Concept based learning

Wednesday 10 January 2018

Concepts in learning provide a support to extend and deepen student understanding.  They provide a structure to help students and teachers alike make connections between different areas of Biology and also to link these ideas across other subject areas.

What is Concept-based Learning?

Leanne Gerlin-Ketteral puts it nicely when talking about PYP, in WhatEdSaid's #pypchat on Twitter - Source

  • The world is changing. Knowledge is changing. The ability to view the world with a more flexible mind is invaluable. 
  • Concept based learning is about big transferable ideas that transcend time, place, situation. 
  • Content just focuses on facts while concept focuses on making sense of those facts and the world around us.
  • Content based teaching may not get beyond information transmission/superficial learning.
  • Concepts are a way to organize and make sense of learning. 
  • We can’t possibly teach everything that is important, but we can teach the big ideas.
  • Concept based learning is a framework to study everything. Content can change, concepts stay the same. 
  • Information is useless unless you can do something with it.

Sebastien Barnard describes Concept based learning in the MYP blog,

“This type of education also explores significant content and provides opportunities to develop both disciplinary and interdisciplinary understanding. It offers curriculum frameworks and courses that are broad and balanced, conceptual and connected, and, finally, rigorously assessed.

So what does concept based IB Biology look like?

In 2011, Lynn Erickson presented a keynote for the IB about conceptual understanding where she described two types of concepts; macro-concepts which are big and transferable (like Structure and function) and micro-concepts (like the model of a cell, or cell theory, for example).

It helps to distinguish between Biological concepts which many of the understandings in the current IB Biology guide describe and the Big-ideas which are overarching concepts, not specific to Biology, the macro-concepts.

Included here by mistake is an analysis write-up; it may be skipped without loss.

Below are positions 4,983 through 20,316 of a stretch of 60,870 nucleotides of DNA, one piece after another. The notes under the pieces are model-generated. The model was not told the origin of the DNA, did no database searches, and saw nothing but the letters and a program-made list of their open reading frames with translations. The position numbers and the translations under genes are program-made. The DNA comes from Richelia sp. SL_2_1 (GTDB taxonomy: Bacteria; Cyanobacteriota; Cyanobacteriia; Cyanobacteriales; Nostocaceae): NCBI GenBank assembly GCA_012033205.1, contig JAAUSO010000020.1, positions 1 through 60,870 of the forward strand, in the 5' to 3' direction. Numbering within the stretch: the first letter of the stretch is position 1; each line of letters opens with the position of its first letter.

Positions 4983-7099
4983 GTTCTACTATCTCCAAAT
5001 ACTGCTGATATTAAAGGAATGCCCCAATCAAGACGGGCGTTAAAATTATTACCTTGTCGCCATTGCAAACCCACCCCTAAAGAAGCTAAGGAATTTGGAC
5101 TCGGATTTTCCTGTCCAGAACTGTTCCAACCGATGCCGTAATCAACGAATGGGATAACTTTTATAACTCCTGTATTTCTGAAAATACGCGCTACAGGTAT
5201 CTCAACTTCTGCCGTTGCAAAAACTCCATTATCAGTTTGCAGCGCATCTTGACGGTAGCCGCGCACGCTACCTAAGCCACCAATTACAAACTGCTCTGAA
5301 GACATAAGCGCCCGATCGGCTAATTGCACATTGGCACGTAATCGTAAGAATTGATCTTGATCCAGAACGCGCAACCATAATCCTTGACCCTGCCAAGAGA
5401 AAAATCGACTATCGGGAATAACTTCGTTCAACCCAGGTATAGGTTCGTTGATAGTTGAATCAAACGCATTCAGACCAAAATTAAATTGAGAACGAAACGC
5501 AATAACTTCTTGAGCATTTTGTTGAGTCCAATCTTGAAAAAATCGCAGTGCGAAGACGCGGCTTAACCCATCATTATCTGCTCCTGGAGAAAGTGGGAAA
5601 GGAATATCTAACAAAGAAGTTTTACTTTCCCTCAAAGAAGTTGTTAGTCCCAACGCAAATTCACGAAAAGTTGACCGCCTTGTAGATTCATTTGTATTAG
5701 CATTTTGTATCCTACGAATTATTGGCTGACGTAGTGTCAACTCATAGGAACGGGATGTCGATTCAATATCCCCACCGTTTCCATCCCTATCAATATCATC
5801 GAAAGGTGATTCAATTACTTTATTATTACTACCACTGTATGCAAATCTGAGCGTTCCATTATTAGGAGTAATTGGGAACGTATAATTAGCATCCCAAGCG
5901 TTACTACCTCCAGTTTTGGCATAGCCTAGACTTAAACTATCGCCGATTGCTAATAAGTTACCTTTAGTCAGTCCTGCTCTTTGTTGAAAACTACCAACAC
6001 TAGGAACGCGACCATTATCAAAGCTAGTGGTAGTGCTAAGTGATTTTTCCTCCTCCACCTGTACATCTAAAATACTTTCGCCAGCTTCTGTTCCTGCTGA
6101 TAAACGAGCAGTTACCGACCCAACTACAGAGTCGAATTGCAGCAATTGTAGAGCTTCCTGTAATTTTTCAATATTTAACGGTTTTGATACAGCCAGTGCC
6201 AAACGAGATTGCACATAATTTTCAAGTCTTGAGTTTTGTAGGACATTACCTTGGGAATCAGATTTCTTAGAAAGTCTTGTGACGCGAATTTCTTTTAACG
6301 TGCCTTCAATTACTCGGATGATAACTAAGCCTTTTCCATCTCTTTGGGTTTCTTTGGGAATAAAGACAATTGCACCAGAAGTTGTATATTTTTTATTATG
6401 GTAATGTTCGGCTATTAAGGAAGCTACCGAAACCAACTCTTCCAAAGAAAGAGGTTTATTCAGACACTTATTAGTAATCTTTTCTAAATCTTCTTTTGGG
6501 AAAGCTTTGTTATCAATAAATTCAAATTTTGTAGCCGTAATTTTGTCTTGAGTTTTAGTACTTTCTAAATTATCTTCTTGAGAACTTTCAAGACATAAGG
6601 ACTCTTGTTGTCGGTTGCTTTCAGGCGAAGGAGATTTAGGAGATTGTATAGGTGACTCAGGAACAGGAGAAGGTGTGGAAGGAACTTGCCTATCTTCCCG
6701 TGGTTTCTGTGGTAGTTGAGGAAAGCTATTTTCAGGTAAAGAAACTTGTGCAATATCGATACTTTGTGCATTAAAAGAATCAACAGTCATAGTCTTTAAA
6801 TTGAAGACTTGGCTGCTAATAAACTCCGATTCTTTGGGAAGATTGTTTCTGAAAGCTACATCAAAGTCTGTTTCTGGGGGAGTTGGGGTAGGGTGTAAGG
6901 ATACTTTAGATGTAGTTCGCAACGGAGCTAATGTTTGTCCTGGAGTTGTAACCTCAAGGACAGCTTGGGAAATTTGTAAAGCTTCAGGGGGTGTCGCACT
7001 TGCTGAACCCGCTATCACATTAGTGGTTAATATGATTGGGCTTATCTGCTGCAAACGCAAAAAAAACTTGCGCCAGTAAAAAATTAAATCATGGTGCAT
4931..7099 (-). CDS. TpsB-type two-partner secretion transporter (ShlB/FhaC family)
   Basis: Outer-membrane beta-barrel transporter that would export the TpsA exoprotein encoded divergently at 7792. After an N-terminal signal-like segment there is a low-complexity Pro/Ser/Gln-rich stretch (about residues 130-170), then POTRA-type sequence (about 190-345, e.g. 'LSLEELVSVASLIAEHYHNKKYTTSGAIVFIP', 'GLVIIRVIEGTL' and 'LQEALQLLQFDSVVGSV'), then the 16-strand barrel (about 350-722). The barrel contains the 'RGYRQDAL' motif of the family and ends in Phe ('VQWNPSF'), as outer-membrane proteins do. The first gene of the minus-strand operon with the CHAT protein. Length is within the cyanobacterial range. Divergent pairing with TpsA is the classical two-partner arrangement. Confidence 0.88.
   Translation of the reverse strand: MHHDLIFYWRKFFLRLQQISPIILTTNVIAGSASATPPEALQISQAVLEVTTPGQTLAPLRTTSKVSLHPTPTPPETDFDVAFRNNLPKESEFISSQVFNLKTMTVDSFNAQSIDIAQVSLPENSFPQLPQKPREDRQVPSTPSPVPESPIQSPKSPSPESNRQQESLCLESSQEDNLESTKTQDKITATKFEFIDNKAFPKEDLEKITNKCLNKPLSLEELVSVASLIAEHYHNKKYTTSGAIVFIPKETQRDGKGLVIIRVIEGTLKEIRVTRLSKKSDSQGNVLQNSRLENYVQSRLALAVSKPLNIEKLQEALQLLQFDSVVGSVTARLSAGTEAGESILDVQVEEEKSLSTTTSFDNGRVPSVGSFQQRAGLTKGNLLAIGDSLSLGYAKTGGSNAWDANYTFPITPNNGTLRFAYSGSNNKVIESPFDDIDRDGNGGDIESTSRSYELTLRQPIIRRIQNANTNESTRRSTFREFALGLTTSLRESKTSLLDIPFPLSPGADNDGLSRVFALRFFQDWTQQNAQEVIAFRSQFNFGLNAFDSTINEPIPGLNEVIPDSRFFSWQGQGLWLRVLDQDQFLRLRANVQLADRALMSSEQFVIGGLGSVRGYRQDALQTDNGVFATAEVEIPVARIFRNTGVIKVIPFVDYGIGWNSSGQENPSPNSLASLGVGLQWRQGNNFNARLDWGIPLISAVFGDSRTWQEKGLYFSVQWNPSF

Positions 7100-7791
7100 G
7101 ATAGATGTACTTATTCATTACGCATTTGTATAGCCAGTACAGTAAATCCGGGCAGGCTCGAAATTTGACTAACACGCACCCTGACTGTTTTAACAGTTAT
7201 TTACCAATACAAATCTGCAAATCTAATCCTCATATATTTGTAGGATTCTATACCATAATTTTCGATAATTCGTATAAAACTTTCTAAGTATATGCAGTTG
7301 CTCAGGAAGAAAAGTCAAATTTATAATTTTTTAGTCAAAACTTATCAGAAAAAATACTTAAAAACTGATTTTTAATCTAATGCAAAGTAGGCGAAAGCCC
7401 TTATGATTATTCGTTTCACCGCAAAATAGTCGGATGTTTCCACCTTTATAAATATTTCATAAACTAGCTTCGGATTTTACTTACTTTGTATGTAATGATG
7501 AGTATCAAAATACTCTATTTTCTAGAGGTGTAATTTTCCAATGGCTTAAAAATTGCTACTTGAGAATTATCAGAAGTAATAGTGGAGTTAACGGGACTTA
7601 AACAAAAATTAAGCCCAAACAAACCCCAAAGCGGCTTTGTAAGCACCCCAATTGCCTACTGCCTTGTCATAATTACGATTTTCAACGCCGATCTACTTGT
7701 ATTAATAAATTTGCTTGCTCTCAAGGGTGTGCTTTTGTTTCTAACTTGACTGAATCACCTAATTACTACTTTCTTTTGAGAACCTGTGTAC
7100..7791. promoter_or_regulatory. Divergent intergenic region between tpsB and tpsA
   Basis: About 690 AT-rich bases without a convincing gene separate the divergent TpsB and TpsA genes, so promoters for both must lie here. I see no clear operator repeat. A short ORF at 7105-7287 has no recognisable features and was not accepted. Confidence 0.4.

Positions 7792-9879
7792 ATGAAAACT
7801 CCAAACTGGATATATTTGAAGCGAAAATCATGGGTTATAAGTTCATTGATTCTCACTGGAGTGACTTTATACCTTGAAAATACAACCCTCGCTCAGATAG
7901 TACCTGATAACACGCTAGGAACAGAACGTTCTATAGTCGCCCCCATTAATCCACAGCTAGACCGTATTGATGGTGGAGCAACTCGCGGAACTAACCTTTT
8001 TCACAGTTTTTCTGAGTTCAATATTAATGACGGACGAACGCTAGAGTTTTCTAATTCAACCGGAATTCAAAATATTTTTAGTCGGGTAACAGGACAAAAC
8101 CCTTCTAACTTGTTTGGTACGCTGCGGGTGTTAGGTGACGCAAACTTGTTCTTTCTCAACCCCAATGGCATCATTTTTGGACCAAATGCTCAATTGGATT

Macro-concepts are not new in the IB Biology curriculum.  The 2007 IB Biology guide describes ‘The nature of the subject’ where it says,

“Biologists have accumulated huge amounts of information about living organisms, and it would be easy to confuse students by teaching large numbers of seemingly unrelated facts. In the Diploma Programme biology course, it is hoped that students will acquire a limited body of facts and, at the same time, develop a broad, general understanding of the principles of the subject.

Although the Diploma Programme biology course at standard level (SL) and higher level (HL) has been written as a series of discrete statements (for assessment purposes), there are four basic biological concepts that run throughout.

  • Structure and function
  • Universality versus diversity
  • Equilibrium within systems
  • Evolution”

Are these concepts unchanging?

If we think about the micro-concepts in the IB Biology course, how many of them could be described as unchanging?  Interesting points arise when ideas are put into question, it's the way science works, by the falsification of ideas through rigorous testing. E.g. membrane models change, cell theory has exceptions, introns in genes are not expressed as protein.  If we only taught unchanging facts in Biology we would be doing a great disservice to our students and to the nature of Science. The macro-concepts are broader generalizations and so are usually less subject to change.

So how do the micro-concepts connect to the macro-concepts in Biology?

Only when we draw attention to them is the short answer.  This is where the benefit lies.

If you consider how a root hair cell illustrates the structure and function concept you begin to think more critically about this cell. You start to compare it to erythrocytes, then begin to wonder if there are similarities between the heart and it's structure and the cells and their structure. Do they both adapt in the same ways?  Does shape have as much importance in the heart's function as it does in the cells? How is the size of a cell limited in nature? Are organs limited in size in the same way as cells?  What affect does size have on animals, or ecosystems?

What are the benefits again?

One the benefits for students is that it helps them categorize information and to process and sort information. It helps to set up schema in the long term memory, and allows students to build new details into their previous knowledge.  Brain research tells us that this is what the mind tries to do.  It sorts information and connects new knowledge to old knowledge, stored as schema.


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